I was at the park with my daughter the other day and was pleasantly surprised to see a mom friend of mine with her kids. After getting settled in, my daughter started playing in the sand and my friend and I started catching up. It didn’t take long for my daughter to put her fingers in her mouth only to discover that sand belongs on the “more yucky things” page of the Yummy Yucky book by Leslie Patricelli (if you don’t have this book, it’s a gem.). I went over to pick her up, dust her off, and give her some water when I realized the step up from the sand was just awkward enough that I couldn’t step up. I tried two times and there was no way it was going to happen. On the third attempt, I looked up, saw my friend, and exclaimed, “I need help”. She came over and helped me balance so I could step up without my daughter having a meltdown from being set down with a mouth full of sand.
That moment felt humbling and relieving at the same time. It was such a simple moment with great meaning. Mothers are natural problem solvers and improvisers. They can multitask with the best of them. But when it comes to asking for help, there is a lot of room for improvement. Whether it’s asking partners for more support in the day to day tasks or asking if a friend has time to talk at the end of the day because you need a warm, non judgmental voice telling you that you are doing a great job when the day felt like a trainwreck.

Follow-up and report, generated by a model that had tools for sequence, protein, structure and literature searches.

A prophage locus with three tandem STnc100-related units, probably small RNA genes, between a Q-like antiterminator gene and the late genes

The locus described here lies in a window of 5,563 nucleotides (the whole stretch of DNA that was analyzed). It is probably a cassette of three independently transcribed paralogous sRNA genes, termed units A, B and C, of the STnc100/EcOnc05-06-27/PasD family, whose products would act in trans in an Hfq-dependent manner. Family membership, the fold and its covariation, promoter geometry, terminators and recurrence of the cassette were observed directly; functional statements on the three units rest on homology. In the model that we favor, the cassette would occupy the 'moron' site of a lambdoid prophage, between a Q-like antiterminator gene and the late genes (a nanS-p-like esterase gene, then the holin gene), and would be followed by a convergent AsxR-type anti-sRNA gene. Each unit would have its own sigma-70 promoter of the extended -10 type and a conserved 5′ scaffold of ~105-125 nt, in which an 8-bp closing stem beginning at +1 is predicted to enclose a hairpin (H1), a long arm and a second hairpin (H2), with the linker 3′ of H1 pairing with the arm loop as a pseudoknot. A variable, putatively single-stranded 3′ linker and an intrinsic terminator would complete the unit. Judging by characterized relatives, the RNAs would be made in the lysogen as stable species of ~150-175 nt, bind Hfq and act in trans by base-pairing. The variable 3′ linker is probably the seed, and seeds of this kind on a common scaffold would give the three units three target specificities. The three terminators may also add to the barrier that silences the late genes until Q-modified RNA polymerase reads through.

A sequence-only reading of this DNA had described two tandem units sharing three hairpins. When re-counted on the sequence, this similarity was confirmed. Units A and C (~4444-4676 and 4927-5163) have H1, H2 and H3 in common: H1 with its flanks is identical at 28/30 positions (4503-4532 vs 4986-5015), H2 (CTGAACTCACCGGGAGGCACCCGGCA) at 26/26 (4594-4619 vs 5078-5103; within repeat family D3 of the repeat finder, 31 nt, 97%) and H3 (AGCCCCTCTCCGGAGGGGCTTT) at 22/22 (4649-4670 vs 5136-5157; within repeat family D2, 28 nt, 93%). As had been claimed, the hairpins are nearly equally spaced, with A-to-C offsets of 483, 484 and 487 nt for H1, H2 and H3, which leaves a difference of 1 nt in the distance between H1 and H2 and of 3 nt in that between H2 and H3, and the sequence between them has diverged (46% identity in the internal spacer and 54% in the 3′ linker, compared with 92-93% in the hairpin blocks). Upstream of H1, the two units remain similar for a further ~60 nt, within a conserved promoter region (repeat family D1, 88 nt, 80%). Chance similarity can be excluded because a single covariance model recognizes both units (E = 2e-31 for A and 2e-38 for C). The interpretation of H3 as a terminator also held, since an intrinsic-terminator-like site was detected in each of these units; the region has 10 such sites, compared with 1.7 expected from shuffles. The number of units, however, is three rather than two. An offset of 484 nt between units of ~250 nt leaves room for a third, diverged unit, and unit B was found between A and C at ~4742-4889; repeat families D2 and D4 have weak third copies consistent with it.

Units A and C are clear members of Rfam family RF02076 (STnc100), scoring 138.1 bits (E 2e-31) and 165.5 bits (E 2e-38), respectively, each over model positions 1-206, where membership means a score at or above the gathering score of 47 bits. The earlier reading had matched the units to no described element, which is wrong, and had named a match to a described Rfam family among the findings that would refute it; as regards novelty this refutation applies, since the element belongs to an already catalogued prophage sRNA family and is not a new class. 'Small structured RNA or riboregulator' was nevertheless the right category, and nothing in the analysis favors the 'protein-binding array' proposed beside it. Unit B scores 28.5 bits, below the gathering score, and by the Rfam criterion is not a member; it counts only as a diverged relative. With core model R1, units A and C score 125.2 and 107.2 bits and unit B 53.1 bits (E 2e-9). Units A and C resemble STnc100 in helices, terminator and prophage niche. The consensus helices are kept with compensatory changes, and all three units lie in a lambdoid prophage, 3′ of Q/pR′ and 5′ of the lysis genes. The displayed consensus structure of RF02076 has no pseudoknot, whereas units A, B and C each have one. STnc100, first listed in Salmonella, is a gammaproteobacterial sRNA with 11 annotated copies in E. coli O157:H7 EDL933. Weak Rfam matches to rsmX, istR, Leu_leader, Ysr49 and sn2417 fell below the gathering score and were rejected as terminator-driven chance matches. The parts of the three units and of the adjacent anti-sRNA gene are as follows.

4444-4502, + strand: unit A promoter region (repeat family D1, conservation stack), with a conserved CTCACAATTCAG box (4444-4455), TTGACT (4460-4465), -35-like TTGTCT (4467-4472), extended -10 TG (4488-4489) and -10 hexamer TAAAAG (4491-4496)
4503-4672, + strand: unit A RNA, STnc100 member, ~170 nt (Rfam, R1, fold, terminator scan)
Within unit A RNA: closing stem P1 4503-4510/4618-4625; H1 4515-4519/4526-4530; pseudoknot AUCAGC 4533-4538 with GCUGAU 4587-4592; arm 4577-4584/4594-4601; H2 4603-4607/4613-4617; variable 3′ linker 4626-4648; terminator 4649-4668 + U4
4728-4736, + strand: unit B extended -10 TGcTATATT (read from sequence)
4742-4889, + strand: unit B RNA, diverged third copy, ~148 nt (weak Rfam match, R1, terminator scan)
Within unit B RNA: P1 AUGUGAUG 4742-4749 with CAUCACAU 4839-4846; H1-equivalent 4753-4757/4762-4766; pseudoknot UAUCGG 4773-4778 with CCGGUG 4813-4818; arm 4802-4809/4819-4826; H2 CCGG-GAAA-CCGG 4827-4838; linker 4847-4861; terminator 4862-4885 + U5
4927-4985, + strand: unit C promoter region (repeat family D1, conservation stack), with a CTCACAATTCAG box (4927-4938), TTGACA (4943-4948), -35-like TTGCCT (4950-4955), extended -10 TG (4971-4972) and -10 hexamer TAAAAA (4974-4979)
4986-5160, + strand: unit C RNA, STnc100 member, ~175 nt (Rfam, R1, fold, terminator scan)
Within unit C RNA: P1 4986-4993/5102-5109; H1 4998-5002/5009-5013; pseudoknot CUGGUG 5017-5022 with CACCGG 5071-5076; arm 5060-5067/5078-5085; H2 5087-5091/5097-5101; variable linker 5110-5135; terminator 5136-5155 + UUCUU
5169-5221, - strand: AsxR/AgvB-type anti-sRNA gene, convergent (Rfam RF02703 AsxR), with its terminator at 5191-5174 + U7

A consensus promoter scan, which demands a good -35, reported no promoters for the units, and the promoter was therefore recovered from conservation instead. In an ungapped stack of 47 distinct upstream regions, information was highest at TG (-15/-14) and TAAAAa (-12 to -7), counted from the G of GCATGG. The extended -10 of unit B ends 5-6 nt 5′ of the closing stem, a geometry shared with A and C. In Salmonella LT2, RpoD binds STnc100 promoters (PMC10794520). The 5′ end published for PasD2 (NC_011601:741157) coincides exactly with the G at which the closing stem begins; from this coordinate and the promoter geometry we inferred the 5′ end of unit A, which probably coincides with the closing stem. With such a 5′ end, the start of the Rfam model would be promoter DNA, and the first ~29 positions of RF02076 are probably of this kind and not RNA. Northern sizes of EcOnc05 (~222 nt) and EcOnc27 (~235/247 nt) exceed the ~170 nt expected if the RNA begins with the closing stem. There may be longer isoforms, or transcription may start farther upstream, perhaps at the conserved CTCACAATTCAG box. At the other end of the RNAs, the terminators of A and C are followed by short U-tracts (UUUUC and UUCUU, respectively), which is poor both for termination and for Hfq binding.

Easier said than done, right? So what stops our loving, nurturing selves from practicing the three important words, “I need help”? Here are a few thoughts.
The “I can do it all” myth.
One of the things that is important about being a parent is being reflective about our experience. Our children teach us as much as we teach them if we are willing to pay attention. We would never expect our child to do it all without any help (this can be the case well into our children’s adult years) so why do we hold an unattainable standard for ourselves?
The fear that asking for help means not only that I’m not perfect, but that somehow I’m a bad mom. Where does this belief come from? How can we can start to reframe it? No one has all the answers. It’s okay to ask for support.
Motherhood can feel very lonely at times. It would make sense to feel like there is no one you can reach out to, but if you dig deep I bet there is someone out there to reach out to.
Fear of Bothering.
When it seems like everyone has stuff going on, it can be hard to get out of the mindset, “I don’t want to bother anyone”. Trust that if someone isn’t able to help, they will let you know and you can move on to the next person who might be available.
When was the last time you asked for help? Would you feel any different if you did?
Allowing others to help us is a gift for both you and the person helping. It is also role-modeling for your children that everyone needs to ask for help sometimes. Getting help while teaching our children sounds like a win-win to me.
Are you a new mother who could use some extra support? Click here to find out about my next New Mother’s Support group starting soon.
Please note that this article is for educational purposes only and is not a substitute for medical advice from a doctor or mental health professional.